The Commonwealth of Kentucky is recognized largely for its horses, bourbon, fried chicken, college basketball, racism, homophobia, religious zealotry, cousin-fucking, and general lack of progressive thought. While there are certainly varying degrees of truth in all of those assumptions, the oft-overlooked fact is that Kentucky has also spawned some seriously forward-thinking, way far out folks. Among the illustrious writers, musicians, actors, artists, and cult leaders to call the Bluegrass home, is one of America’s first openly trans citizens (and bastion of southern hospitality), Sweet Evening Breeze.
Miss Sweets, as she came to be known around her long-time stomping ground of Lexington, was born James Herndon in nearby Georgetown, KY in 1892. Abandoned as a child at Lexington’s Good Samaritan Hospital, Sweets was taken in by the staff and given a room in the hospital where she lived into her teenage years. During this time, Sweets worked entertaining and delivering mail to hospital patients, until being trained as an orderly; a position she held for 0ver 40 years. Sweets was considered the hospital’s best and was usually in charge of training new orderlies.
In a time when being gay, black, or trans-anything was most often met with general hostility at best (especially in the south), Sweet Evening Breeze was openly, unapologetically all of the above. Strolling Main Street in drag as early as the 1930’s, Sweets gained a local reputation not as a provocateur or deviant, but as a beloved, respected member of the community. Her kindness and fierce charisma gained her friends in many unlikely places, ranging from the washrooms of local hotels, to the pews of her church (to which she left a large sum of money upon her death). For decades, her home served as a sanctuary and party ground for the queer community, in what anyone would assume to be an intolerant environment. Despite the odds, Sweet Evening Breeze was embraced. Even by the squares.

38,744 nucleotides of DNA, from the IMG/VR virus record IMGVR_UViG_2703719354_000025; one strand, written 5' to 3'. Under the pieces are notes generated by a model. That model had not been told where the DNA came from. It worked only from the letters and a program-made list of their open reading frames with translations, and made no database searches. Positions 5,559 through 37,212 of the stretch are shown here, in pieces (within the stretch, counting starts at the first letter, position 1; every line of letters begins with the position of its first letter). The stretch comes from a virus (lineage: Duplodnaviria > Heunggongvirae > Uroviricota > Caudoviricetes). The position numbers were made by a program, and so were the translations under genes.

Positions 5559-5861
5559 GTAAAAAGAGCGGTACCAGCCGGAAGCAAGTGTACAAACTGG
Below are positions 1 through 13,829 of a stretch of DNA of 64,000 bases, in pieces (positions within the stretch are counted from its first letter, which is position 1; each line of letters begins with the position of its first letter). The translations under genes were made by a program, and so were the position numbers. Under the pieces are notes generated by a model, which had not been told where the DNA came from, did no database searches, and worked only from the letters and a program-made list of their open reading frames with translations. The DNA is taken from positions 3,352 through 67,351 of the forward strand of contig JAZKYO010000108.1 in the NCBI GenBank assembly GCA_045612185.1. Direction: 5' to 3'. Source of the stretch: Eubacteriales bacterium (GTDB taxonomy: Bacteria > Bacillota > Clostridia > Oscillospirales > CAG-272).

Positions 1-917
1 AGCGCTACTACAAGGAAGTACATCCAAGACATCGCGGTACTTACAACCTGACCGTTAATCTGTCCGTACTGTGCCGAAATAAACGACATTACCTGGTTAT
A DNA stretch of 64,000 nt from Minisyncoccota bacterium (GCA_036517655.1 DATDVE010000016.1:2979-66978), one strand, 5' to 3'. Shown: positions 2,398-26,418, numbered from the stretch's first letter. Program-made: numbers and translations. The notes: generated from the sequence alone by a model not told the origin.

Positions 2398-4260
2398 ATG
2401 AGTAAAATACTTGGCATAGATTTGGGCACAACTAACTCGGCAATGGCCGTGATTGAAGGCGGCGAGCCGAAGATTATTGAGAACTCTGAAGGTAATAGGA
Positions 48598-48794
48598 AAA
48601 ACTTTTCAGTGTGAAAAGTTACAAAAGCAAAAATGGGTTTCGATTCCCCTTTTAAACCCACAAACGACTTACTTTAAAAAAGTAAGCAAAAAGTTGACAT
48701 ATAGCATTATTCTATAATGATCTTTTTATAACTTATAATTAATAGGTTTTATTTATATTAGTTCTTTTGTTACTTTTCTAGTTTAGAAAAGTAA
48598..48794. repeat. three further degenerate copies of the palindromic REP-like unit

Miss Sweets is perhaps best known for ushering in a still thriving drag scene in Lexington. She organized and performed in drag and burlesque shows throughout the city; her most notable public performances taking place in the downtown Woodland Park. Facing a judge after being jailed with a fellow drag queen for breaking an old town law forbidding the dressing as the opposite sex in public (note: except on Halloween), Sweets managed to rightfully convince the judge that the law was unconstitutional. The ladies were freed and the law was forever overturned. Without even trying to be, Sweet Evening Breeze was a one-person civil and social rights wrecking crew simply by refusing to be anything but herself. She was recently discussed in the Jean Donohue documentary, Last Gospel of the Pagan Babies, and was previously immortalized as a character in the novel Suttree, by Cormac McCarthy.
On December 16, 1983, Miss Sweet Evening Breeze died in a nursing home at the age of ninety-one. She was buried in the Lexington Cemetery, the headstone bearing her birth name. Her house still stands on Prall Street by the train tracks, and the generations of people that knew her still speak of her fondly. Thanks, Miss Sweets, for showing the rest of us mere mortals how this whole life thing is supposed to be done.